Walking through the iron front gates of Engel Stadium Monday night, fans smiled as if they were meeting an old friend. And, in a way, they were.
The Southern League held its annual home run derby at the venerable, 84-year-old stadium and drew in excess of 2,000 people. The fans weren't there to see a game and probably weren't familiar with many of the players involved in the competition. But they were excited to see some kind of professional competition return to the place where their grandfathers and fathers may have brought them to see a game, where they may have played in a high school baseball game or where part of a movie they saw, "42" -- about Jackie Robinson -- was made.
No disrespect to AT&T Field, which sits in a scenic position in the Scenic City and doesn't have a bad seat, but Engel has the nostalgic feel the new field hasn't yet earned. Some of Monday's fans may go back to the Philadelphia Phillies and Washington Senators days with the stadium, in the 1960s and before, but most probably remember the modern era -- baseball's vaunted return in 1976; Used Car Nights when fans had to push, pull, tug and tow away the cars they won; Roacho the Clown; players like Matt Keough, Joe Charboneau, Mark Langston and Trevor Hoffman; organist Charley Timmons being thrown out of the game by umpire Joe West for playing "Three Blind Mice"; NBA great Michael Jordan's appearance as a member of the Birmingham Barons; and colorful managers like Dirty Al Gallagher and Phillip Wellman.
Engel, which is listed on the National Register of Historic Places, is owned by UTC and supported in ways by the nonprofit Engel Foundation. The expensive-to-maintain octogenarian may not live forever at Third and O'Neal streets, but some 2,000 fans were glad it had life for at least one day in June 2014.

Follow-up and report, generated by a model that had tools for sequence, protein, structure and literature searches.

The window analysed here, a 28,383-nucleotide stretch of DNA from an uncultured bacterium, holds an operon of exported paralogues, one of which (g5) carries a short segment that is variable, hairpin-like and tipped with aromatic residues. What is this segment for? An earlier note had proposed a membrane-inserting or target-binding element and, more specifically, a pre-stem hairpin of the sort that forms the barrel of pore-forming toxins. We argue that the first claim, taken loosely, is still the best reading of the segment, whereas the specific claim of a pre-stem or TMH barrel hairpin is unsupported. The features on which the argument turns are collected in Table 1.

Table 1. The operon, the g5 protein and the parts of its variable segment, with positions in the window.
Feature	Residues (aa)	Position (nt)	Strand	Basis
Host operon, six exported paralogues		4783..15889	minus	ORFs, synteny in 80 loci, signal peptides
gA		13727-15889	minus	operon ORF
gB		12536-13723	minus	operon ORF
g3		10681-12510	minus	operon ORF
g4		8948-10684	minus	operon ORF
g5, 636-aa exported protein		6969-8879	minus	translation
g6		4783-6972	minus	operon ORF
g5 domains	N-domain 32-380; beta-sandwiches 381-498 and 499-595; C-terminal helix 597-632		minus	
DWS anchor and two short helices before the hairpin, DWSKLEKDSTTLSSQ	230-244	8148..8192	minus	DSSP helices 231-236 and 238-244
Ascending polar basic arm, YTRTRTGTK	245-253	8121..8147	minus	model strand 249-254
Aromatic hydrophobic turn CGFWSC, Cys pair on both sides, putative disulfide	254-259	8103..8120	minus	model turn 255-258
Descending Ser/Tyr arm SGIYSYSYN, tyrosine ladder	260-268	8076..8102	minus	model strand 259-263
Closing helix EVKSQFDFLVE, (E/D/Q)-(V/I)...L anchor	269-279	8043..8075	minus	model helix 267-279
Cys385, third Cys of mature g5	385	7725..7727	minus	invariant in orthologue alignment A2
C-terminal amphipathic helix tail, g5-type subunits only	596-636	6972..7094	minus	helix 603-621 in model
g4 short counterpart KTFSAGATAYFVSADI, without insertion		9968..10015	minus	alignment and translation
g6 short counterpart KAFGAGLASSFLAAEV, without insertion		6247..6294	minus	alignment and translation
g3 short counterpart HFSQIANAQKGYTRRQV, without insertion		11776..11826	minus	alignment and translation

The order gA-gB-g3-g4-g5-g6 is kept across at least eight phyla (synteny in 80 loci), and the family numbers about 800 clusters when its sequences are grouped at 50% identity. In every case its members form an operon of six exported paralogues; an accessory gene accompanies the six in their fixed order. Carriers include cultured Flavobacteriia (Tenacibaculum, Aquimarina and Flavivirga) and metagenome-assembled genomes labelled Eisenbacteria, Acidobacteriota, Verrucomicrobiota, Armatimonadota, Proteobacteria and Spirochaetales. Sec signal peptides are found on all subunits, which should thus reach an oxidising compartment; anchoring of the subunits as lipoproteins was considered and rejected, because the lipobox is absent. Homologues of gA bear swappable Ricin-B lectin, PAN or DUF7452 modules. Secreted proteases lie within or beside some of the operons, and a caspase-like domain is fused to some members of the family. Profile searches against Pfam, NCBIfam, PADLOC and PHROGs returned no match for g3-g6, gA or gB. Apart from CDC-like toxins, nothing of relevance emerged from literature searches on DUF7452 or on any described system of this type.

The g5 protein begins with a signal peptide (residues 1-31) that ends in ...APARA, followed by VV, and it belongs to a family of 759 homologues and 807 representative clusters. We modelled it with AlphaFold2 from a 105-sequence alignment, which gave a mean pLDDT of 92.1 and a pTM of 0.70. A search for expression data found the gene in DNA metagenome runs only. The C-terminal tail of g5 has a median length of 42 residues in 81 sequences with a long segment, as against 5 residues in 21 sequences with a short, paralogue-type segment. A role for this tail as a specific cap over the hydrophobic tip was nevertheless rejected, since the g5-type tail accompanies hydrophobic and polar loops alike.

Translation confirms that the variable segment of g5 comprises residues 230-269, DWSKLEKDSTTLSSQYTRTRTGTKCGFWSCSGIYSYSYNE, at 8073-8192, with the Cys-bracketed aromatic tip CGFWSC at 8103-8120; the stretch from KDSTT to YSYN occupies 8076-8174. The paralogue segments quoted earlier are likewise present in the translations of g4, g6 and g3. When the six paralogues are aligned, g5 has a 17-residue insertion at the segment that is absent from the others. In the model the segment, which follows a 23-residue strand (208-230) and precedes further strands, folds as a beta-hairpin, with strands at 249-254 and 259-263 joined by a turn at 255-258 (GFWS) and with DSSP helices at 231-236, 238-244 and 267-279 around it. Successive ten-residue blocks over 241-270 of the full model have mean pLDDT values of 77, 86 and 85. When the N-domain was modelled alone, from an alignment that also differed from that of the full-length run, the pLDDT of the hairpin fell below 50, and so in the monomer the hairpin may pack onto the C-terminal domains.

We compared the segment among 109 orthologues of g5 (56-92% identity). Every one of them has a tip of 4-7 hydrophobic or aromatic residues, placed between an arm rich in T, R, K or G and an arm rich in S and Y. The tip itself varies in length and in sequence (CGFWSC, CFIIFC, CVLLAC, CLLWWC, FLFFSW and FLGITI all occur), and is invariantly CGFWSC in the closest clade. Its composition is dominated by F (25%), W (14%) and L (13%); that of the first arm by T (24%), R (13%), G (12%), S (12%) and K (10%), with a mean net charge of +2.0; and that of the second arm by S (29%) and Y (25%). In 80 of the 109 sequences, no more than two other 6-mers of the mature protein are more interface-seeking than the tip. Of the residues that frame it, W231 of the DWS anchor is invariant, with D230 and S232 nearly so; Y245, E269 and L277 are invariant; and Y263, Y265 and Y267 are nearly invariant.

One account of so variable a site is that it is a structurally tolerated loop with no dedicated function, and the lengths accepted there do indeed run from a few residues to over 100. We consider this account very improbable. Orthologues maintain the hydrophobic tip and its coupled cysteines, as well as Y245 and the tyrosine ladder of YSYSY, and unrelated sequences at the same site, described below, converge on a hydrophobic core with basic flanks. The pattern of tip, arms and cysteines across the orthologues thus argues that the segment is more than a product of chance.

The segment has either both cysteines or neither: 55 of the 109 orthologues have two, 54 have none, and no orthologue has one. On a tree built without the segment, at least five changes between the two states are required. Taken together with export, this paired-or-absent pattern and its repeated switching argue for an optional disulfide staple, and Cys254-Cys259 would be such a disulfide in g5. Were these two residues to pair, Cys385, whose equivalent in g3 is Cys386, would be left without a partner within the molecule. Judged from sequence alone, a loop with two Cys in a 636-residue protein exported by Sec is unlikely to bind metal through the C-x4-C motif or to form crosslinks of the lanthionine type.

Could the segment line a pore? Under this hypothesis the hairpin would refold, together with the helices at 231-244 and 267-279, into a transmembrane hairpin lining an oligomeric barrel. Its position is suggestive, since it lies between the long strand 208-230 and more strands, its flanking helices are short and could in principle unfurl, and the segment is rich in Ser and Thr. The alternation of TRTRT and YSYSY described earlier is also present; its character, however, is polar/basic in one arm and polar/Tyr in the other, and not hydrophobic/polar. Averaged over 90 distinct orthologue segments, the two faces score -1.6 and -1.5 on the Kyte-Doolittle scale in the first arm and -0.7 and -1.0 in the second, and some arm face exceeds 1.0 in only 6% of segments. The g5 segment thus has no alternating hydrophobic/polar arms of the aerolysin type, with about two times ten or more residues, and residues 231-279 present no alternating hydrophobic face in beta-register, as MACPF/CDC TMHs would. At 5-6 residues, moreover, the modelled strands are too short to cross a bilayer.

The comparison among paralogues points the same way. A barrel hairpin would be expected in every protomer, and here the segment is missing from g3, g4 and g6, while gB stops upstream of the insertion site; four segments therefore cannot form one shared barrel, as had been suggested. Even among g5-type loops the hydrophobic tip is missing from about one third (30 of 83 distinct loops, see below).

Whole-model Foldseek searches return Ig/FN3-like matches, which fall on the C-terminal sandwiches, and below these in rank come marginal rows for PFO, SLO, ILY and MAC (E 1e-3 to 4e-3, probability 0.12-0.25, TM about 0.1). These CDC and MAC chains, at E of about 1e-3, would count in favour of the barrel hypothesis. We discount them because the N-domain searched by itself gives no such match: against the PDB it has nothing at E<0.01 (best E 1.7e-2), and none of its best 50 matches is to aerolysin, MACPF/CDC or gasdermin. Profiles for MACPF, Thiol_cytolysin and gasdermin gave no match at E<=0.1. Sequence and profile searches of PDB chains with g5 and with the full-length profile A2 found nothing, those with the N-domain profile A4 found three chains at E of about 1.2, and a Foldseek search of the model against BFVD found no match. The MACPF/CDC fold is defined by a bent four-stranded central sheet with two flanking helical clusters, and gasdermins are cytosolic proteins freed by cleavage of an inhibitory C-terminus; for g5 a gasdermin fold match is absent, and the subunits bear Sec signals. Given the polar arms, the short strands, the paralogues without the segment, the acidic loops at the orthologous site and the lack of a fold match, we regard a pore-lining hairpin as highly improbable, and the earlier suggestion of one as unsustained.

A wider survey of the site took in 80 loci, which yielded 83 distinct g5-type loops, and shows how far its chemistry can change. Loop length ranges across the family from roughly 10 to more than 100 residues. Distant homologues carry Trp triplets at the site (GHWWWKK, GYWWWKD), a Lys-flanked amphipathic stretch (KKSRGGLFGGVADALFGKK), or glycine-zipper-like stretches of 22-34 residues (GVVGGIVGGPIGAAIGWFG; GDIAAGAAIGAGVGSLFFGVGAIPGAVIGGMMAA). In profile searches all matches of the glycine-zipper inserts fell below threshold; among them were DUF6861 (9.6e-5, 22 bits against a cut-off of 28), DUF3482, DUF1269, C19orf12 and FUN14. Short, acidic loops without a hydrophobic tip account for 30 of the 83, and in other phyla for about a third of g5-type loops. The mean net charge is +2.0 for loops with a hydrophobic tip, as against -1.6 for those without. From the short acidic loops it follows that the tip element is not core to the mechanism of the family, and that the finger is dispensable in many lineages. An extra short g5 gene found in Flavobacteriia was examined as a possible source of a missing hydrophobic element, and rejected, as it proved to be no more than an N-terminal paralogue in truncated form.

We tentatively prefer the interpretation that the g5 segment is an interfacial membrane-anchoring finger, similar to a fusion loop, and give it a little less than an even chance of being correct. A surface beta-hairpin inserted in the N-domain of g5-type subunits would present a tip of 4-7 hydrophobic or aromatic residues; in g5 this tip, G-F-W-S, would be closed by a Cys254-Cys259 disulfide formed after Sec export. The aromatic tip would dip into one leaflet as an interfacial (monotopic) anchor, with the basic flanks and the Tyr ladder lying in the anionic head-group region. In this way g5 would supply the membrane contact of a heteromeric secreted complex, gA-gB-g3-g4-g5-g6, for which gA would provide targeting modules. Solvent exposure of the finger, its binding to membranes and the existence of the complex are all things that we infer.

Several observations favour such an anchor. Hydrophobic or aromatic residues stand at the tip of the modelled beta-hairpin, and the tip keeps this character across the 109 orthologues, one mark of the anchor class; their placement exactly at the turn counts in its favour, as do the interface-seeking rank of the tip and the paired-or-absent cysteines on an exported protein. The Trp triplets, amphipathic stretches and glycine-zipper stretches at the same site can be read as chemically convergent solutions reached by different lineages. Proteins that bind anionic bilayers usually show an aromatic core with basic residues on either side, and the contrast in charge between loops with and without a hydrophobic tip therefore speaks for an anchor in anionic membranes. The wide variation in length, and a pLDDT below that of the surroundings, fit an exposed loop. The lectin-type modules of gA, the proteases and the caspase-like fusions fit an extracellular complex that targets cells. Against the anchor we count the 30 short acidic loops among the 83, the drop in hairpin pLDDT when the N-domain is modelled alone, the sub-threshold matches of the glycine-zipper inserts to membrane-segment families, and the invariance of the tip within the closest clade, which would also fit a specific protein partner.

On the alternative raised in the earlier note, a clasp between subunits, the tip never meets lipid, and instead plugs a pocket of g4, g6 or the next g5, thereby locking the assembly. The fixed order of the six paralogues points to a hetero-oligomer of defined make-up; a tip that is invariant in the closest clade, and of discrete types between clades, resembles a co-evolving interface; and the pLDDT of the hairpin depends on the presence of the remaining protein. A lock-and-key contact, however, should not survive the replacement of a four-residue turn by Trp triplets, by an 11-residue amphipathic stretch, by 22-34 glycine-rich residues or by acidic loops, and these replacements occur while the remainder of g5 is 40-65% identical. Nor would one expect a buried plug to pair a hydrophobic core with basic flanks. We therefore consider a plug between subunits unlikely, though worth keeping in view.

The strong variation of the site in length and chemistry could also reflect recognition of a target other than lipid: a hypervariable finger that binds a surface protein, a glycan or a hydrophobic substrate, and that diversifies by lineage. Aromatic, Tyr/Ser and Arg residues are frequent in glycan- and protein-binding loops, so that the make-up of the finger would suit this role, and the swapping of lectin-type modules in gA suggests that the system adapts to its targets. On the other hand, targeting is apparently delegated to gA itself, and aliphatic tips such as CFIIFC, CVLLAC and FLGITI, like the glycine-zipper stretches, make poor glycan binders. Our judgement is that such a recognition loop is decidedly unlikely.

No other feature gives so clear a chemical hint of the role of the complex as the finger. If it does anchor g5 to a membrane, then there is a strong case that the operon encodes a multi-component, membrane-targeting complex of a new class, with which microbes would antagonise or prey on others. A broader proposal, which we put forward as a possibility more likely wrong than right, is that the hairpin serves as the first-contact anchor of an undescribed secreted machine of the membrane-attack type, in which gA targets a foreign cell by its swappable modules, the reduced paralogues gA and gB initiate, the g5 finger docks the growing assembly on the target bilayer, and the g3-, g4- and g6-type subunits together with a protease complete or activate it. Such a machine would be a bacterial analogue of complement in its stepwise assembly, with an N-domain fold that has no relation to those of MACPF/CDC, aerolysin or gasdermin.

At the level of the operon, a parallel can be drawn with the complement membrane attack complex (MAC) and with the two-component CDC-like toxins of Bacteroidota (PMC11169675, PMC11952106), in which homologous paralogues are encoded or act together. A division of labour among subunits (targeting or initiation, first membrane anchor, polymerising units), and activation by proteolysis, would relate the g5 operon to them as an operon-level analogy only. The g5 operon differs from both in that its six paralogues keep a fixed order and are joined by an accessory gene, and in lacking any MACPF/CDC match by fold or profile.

Tony Gwynn, who died Monday at the age of 54, was a Major League Baseball player whose likes may be gone forever with his passing. He was a pure hitter in the style of Stan Musial and Ted Williams of a bygone day but in the modern era of expansion baseball, jet lag and specialist pitchers.
To cite just one example, he never struck out more than 40 times in one Major League season. Atlanta Braves outfielder Justin Upton has already struck out 81 times this season, which isn't even half over. And Upton's strikeouts for his first six full Major League seasons have been 121, 137, 152, 126, 121 and 161.
Gwynn, a laughing and happy player who went on to be the baseball coach at his alma mater, San Diego State, nevertheless garnered a vice baseball players too often take up: smokeless chewing tobacco. It's what gave him oral cancer -- he acknowledged -- and what killed him. Major League Baseball wanted it banned at the sport's last labor negotiations, but the Major League Baseball Players Association nixed it.
Supposedly, players are not allowed to have tobacco packages and tins in their back pockets when fans are permitted in the ballpark, or use tobacco during pregame or postgame interviews, or at team functions. But television cameras often capture players with wads -- of tobacco, not bubble gum -- in their mouths. Maybe Gwynn's death will inspire the dumping of a few pouches and cans today. It won't be a moment too soon.
You probably missed it. Most people did, because the news was released late Friday, as governments often do, when most people had left work for the weekend. But the Internal Revenue Service lost two years' worth of emails to and from Lois Lerner, the former IRS chief who has refused to testify in the scandal in which she is accused of using her position to harass conservative groups.
The agency blamed a 2011 computer crash for the problem but had told Republican members of the Senate Finance Committee much more recently the emails were available. And the Obama administration, which likely called for the probes in the first place, played it dumb. "You've never heard of a computer crashing before?" a White House spokesman said.
With the latest snafu, IRS watchers and a few Democrats have even sat up to pay attention this time to the scandal, which had been fading. Now, finally, the issue may demand a special prosecutor, a move that should have occurred months ago.